Friday 20 October 2017


Don’t let your spiritual gift lie dormant. Stir it up!

Look at John—he’s so gifted in preaching. Wow, Jane really shines when she leads in worship.

We often admire the preacher and worship team but we tend to downplay the role of the ushers and technical team in charge of the sound system. True, the former are in the limelight, but all have a part to play in a Sunday morning service.

Spiritual gifts—as opposed to our natural talents—are special abilities that God bestows upon believers. We cannot choose them; it is the Holy Spirit who distributes these gifts to whoever He wills (1 Corinthians 12:11).

The exercise of spiritual gifts need not necessarily be spectacular or awe-inspiring. Gifted believers can also serve God in quiet ways.

The apostle Peter exhorts believers to employ our gifts to benefit others—as “good stewards of God’s varied grace.” Thus, we can serve God through hospitality in a small group or preach with fire over the pulpit to hundreds or even thousands. In both instances, lives are impacted and God is glorified (1 Peter 4:9-11).

Now, who are deemed good stewards? The answer is found in the Parable of the Talents (Matthew 25:14-30). This story reminds believers to utilise whatever spiritual gifts or talents God has given us. The men with two and five talents, who made a 100% return on investment for the master, were praised and given fresh responsibilities. Each received the same commendation: “Well done, good and faithful servant. You have been faithful over a little; I will set you over much. Enter into the joy of your master” (Matthew 25: 21,23). However, the one-talent man who buried his talent was condemned: “You wicked and lazy servant!” (Matthew 25:26).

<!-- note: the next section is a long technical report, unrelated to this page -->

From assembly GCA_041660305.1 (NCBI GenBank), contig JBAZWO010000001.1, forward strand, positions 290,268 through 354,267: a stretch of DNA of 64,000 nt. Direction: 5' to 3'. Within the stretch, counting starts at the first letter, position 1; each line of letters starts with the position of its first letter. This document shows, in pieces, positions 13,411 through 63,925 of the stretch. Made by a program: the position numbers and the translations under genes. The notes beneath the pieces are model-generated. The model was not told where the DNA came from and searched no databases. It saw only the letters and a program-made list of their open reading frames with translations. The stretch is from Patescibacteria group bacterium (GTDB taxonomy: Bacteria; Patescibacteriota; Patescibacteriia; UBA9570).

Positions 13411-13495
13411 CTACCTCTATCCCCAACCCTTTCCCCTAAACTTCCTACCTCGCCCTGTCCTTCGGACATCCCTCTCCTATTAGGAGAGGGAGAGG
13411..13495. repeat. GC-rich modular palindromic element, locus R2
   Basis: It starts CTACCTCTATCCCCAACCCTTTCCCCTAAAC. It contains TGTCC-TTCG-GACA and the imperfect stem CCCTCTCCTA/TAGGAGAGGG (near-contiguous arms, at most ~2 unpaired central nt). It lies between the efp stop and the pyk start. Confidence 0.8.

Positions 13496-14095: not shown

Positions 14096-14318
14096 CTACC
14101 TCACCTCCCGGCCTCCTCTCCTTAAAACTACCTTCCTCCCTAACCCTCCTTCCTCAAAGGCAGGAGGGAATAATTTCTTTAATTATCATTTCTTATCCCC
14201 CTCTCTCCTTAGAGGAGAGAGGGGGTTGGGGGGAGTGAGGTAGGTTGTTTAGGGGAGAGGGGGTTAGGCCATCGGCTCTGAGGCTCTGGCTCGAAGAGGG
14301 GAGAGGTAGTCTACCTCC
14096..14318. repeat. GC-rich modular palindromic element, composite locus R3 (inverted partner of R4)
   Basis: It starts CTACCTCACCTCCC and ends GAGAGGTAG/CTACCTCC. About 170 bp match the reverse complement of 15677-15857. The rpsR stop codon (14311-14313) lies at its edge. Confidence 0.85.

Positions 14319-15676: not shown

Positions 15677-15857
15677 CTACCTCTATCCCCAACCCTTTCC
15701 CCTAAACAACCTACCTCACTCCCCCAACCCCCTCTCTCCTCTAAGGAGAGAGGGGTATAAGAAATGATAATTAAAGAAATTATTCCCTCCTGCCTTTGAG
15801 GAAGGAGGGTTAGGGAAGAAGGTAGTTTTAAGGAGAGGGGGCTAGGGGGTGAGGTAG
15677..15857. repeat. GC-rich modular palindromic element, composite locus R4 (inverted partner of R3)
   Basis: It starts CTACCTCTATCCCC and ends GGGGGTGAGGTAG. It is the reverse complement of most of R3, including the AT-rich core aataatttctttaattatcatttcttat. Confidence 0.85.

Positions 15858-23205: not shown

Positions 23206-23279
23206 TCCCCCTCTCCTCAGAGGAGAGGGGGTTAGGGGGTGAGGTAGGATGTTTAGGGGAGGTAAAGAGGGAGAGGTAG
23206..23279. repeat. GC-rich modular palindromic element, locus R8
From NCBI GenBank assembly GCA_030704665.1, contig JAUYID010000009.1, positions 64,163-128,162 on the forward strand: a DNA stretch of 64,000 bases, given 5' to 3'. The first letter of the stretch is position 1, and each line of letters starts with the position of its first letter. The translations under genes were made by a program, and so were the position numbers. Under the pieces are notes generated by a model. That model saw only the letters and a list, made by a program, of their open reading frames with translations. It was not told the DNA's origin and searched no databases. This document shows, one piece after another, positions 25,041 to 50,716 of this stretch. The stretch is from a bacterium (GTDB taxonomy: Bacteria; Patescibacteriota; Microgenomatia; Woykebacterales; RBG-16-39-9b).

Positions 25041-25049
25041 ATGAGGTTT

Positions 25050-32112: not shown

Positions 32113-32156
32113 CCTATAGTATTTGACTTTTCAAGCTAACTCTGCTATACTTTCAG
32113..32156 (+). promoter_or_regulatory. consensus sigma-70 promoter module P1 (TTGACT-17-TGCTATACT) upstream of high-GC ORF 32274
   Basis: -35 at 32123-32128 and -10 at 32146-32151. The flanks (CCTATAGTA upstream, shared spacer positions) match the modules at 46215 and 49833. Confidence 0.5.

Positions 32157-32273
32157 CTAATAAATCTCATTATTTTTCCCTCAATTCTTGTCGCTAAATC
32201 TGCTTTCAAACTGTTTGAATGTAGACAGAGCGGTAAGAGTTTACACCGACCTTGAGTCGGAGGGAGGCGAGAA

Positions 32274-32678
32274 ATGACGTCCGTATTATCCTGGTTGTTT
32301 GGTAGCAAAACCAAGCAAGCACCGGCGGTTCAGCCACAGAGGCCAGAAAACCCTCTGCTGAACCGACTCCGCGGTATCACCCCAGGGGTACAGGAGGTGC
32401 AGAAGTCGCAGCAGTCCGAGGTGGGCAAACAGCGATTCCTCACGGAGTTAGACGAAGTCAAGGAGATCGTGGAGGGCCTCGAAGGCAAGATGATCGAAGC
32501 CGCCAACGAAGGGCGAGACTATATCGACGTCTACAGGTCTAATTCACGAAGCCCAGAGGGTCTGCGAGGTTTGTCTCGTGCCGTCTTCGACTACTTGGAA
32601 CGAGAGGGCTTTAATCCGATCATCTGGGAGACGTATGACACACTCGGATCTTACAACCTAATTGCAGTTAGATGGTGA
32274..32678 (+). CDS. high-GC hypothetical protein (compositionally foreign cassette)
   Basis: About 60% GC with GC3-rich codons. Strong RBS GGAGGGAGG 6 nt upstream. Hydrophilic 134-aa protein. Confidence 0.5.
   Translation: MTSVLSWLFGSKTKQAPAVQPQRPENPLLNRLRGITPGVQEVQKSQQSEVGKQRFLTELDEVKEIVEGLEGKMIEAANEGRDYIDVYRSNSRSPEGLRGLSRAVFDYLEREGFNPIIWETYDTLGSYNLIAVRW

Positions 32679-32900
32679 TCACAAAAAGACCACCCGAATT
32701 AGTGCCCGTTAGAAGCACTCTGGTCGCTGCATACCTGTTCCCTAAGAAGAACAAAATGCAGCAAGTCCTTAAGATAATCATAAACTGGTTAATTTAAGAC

Faithful stewards assume responsibility in nurturing their God-given spiritual gifts so that its full potential is realised. Just because we have been endowed with spiritual gifts, it does not mean they will automatically flourish.

The apostle Paul reminded young Timothy to stir up his spiritual gift—“fan into flame the gift of God, which is in you through the laying on of my hands” (2 Timothy 1:6).

He encouraged Timothy, reminding him that God had given him not a spirit of fear but of power and love and self-control (2 Timothy 1:7). It is God who empowers believers so that we become “competent as ministers of a new covenant” (2 Corinthians 3:6).

Fulfillment of God's destiny for our lives rests not on divine sovereignty alone; we have to work out our calling in obedience (Philippians 2:12-13). Jeremiah was appointed a prophet while he was still in his mother’s womb (Jeremiah 1:5). Yet, he had to persevere in his calling as he faced stubborn resistance while proclaiming God’s message.

Unity in diversity

Just as the various parts of our body have different functions, believers play diverse roles in the church, which is the body of Christ. Those who go out and win others (apostles, evangelists) as opposed to those who stay on and strengthen others (pastors, teachers) play crucial but varied roles.

As each believer is like a part of a body, no one can say he has no need of the other member. “The eye cannot say to the hand, I have no need of you, nor again the head to the feet, I have no need of you” (1 Corinthians 12:21).

The purpose of the five-fold ministry gifts (apostles, prophets, evangelists, pastors and teachers) is to equip the saints for ministry and build up the church till it attains maturity—that it might be united amid its diversity (Ephesians 4:11-13).

There are different types of spiritual gifts, but they all come from the same Spirit. There are different kinds of service, but we serve the same Lord (1 Corinthians 12:4-5).

Are all apostles? Are all prophets? Are all teachers? Do all work miracles? (1 Corinthians 12: 29). Paul’s rhetorical questions show us that each believer is unique.


Before setting aflame our spiritual gifts, we need to have a right estimate of ourselves—neither too low nor too high.  Spiritual gifts won’t flourish if we have low self-esteem or pride. While we may not cherish lofty notions of ourselves, we need healthy self-esteem before we can exercise our spiritual gifts. We are not to think of ourselves more highly than we ought to think, but to think soberly, as God has dealt to each of us a measure of faith (Romans 12:3).

Every Christian has been endowed with at least one spiritual gift. Therefore, it is false humility to think we are incapable of serving God and others.